Well now, isn't that interesting. Been over a year since I've blogged. What happened?
Did I run out of things to say? I hardly think so. My profession demands that I say things on a continuous basis. So what happened?
I suppose you (and I) deserve a fairly honest evaluation. I suppose that in some ways I could say that the well ran dry. There's no doubt that God has been faithful to me and I have always remained His precious child. Not only that, but I have remained faithful to my calling as pastor to His church as I preached, teached, and administered His Sacraments to His people.
Not only that, but I can also say that I've honestly been seeking His face, trying to discern His will and direction for the church He has given me to shepherd. And I've remained connected to Him through studying His Word.
Nevertheless, I've felt a number of times over the past year that I was spiritually disconnected from Him in some fashion. Theologically, of course, I realize that this isn't accurate to say, as He has faithfully kept me connected to Him through His Word and Sacraments. But while that is true, it doesn't prevent me from feeling disconnected.
I think over the great prophets of the past and realize afresh that they all had periods of dryness, times when they felt distant from God. Moses . . . Elijah . . . John the Baptist . . . heck, even Jesus Himself. And while I am loathe to place myself in the category of these greats (or, for that matter, alongside the incarnate God Himself! :)), it's still true that I have experienced something of what they experienced. I've had questions about my calling. I've had doubts about my abilities to properly lead His flock. I've had opposition. And yeah . . . I've despaired of God's apparent lack of presence in my life.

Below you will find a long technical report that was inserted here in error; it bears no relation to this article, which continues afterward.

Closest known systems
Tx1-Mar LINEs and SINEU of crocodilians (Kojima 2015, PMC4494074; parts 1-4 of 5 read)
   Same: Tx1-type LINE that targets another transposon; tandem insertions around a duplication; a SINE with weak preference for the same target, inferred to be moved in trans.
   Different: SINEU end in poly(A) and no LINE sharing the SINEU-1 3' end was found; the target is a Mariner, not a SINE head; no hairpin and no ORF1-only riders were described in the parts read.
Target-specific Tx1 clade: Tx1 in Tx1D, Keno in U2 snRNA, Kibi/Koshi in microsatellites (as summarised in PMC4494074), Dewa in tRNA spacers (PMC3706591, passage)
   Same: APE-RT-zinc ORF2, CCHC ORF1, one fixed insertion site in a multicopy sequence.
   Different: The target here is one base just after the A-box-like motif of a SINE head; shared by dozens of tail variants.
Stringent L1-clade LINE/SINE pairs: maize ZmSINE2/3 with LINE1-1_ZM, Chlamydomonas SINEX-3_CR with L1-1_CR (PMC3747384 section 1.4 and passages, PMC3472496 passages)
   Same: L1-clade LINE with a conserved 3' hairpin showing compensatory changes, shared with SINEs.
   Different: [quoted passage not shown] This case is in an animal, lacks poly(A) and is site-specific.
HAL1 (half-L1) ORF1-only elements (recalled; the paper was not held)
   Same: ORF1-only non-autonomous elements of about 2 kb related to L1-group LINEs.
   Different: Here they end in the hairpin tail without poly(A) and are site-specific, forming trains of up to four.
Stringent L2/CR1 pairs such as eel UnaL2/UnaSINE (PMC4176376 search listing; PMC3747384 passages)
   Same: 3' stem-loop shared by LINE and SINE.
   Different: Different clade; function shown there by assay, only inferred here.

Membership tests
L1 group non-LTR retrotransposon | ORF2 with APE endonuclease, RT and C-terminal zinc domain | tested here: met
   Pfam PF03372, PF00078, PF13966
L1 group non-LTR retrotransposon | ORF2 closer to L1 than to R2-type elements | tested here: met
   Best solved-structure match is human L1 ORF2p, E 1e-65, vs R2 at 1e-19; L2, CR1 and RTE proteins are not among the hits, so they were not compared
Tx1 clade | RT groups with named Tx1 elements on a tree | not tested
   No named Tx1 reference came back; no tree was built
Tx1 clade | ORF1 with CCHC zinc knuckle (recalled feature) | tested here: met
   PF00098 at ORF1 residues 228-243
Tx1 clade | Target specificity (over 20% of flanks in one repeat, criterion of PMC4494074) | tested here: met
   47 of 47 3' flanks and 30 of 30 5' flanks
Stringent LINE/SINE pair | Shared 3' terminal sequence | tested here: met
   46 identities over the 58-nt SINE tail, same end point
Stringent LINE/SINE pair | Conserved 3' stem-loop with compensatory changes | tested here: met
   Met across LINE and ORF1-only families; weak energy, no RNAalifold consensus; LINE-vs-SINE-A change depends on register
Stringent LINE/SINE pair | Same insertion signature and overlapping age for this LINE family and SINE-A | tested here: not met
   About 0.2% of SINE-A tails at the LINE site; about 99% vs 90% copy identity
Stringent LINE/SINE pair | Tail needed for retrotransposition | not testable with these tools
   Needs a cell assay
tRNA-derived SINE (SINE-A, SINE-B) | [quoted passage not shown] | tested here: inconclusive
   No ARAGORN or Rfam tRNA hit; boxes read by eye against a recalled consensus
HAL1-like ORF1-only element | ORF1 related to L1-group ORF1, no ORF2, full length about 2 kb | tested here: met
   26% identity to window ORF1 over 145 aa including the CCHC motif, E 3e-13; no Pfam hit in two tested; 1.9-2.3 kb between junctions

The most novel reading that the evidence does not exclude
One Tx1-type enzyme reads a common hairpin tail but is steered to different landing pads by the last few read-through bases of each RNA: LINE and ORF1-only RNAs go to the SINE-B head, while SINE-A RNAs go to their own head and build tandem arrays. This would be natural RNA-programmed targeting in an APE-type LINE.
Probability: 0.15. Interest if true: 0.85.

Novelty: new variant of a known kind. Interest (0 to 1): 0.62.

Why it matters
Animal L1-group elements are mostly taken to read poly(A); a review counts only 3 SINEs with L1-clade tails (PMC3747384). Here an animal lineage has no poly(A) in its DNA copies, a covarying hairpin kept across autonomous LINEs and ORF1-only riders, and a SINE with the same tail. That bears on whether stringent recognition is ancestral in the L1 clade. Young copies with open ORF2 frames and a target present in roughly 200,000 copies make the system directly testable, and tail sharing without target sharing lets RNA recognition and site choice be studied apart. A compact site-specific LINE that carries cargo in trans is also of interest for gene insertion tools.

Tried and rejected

But see, this is the main thing: Doubts do not equal reality. Questions do not restructure what truly is. While these things seem to remake life into their own image, the reality is that they are powerless to overcome the truth: that God has called me, that God has gifted me, that God has placed me where I am today and that He has led me--often unseen--through my wilderness wanderings and established me in a land that was previously unknown to me.
Which of course is nothing more than a way to say that while I've been away, God has been working in my life. And what He has done is made me stronger. More confident. But at the same time, He's made me more humble, more dependent upon Him . . . which, I guess, is to say that He's conformed me more to the image of His Son.
I've emerged from the wilderness without often having been aware that I was on a journey. What I considered struggles God considered lessons. What I considered hardships God considered bodybuilding. What I considered dryness . . . God considered a purifying season in the wilderness.
I don't know what season in my life is coming next. Naturally, I'd love a season of prosperity and peace and strength, but of course it's not me that gets to determine where God may lead. But what He has done is caused me to be more aware that no matter what may come, He has His good purposes for it. I only pray that He may offer His strength to me so that--regardless of the circumstances I find myself in--I may be faithful in all my callings as pastor, husband, and father.